Data lakehouse startup vendor Onehouse, a descendant of the Apache Hudi project at Uber, emerged from its stealth mode of operation on Feb. 2 alongside $8 million in seed funding.
The open source Apache Hudi cloud data lake project was originally developed in 2016 by a group of engineers including Vinoth Chandar, the CEO and founder of Onehouse.
Uber contributed Hudi to the Apache software foundation in 2019. Over the last several years, Hudi has found a home in a number of large organizations beyond Uber, including Walmart and Disney+ Hotstar.
With its new funding, Onehouse is looking to build out a managed service to help organizations deploy and use Apache Hudi-based data lakes.
The Apache Hudi project and Onehouse are in a competitive market for open source data lakehouse technologies, which includes Apache Iceberg and the Delta Lake project originally created by Databricks.
In this Q&A, Chandar discusses the challenges Apache Hudi was built to solve and how his startup is looking to help organizations.
Why did you start a data lake company based on Apache Hudi?
Vinoth Chandar: We built Hudi during the hypergrowth stage at Uber as a way for the company to scale its data lake and bring in data transactions faster. We made Hudi feel more like a data warehouse than just a data lake. Over the last four years, the Hudi community has grown and has helped to pioneer new transactional data lake capabilities.
What we routinely see in the community is that it still takes a lot of time for companies to operationalize their data lakes. We felt like we can actually create value here by creating a managed service that can help you get started.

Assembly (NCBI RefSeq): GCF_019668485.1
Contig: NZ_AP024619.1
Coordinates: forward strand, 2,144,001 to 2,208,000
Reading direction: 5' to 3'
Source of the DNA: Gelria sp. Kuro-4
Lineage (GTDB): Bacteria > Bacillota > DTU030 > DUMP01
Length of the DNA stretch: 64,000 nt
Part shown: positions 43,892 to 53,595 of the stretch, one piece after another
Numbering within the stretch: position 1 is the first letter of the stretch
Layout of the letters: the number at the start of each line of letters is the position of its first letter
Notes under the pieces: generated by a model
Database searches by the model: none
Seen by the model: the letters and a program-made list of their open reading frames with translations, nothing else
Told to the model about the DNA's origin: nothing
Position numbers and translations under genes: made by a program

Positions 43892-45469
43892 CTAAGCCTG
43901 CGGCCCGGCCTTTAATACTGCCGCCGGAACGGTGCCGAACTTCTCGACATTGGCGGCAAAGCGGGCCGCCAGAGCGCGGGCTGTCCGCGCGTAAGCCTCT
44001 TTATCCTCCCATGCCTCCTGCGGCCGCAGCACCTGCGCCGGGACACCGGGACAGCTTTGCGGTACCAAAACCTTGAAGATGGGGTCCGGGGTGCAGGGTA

Onehouse is not about being an enterprise Hudi company; it's more about helping companies to get started with data lakes, with open data formats, without the need that Uber had to make to get Hudi started.
What types of data lake services are needed that Hudi provides to help build a data lakehouse?
Chandar: If you look at generally how people speak about the data lake space, they talk about table formats. A format is a passive thing. The format being open actually does not mean that you have total freedom because the services on top, which generate value, have to also be open.
I think, at the very minimum, organizations need a very standardized data ingestion service. The service needs to be able to take data from things like cloud storage, or event streaming sources like Kafka or Pulsar, and build tables. Another thing that people routinely need is some way to automatically reclaim storage space.
One of the core advantages of Hudi is the ability to index data quickly, which is also needed to make use of data. Last, but not least, there is a need for data optimization techniques to optimize storage and data so that queries can be faster.
What do you see as a primary challenge for organizations with data lakes?
Chandar: There is a lot of frustration around data lakes just being data swamps.
In fact, why we started out with Hudi at Uber wasn't because we thought it would be cool to enable data transactions on top of a data lake. We saw that it was easy to get all kinds of data sets easily into a data warehouse, but it wasn't as easy to scale or query the data. So we decided to bring transactions to the data lake and then enable an open query engine.
For organizations today, the challenge is also that they need to hire data engineers to get started with a data lake. Data volumes have generally grown a lot in recent years. I feel that the large volumes of data that we saw in 2016 at Uber are now routinely seen at other companies, where five years ago you wouldn't have expected to see that.
In the coming years, people are going to want to start with a more effective data lake technology. Since the data volumes are growing so fast, they can't build it on their own.
The principle that I've held for a while is that data should be independent. People should be able to [democratize their] data very easily.
Editor's note: This interview has been edited for clarity and conciseness.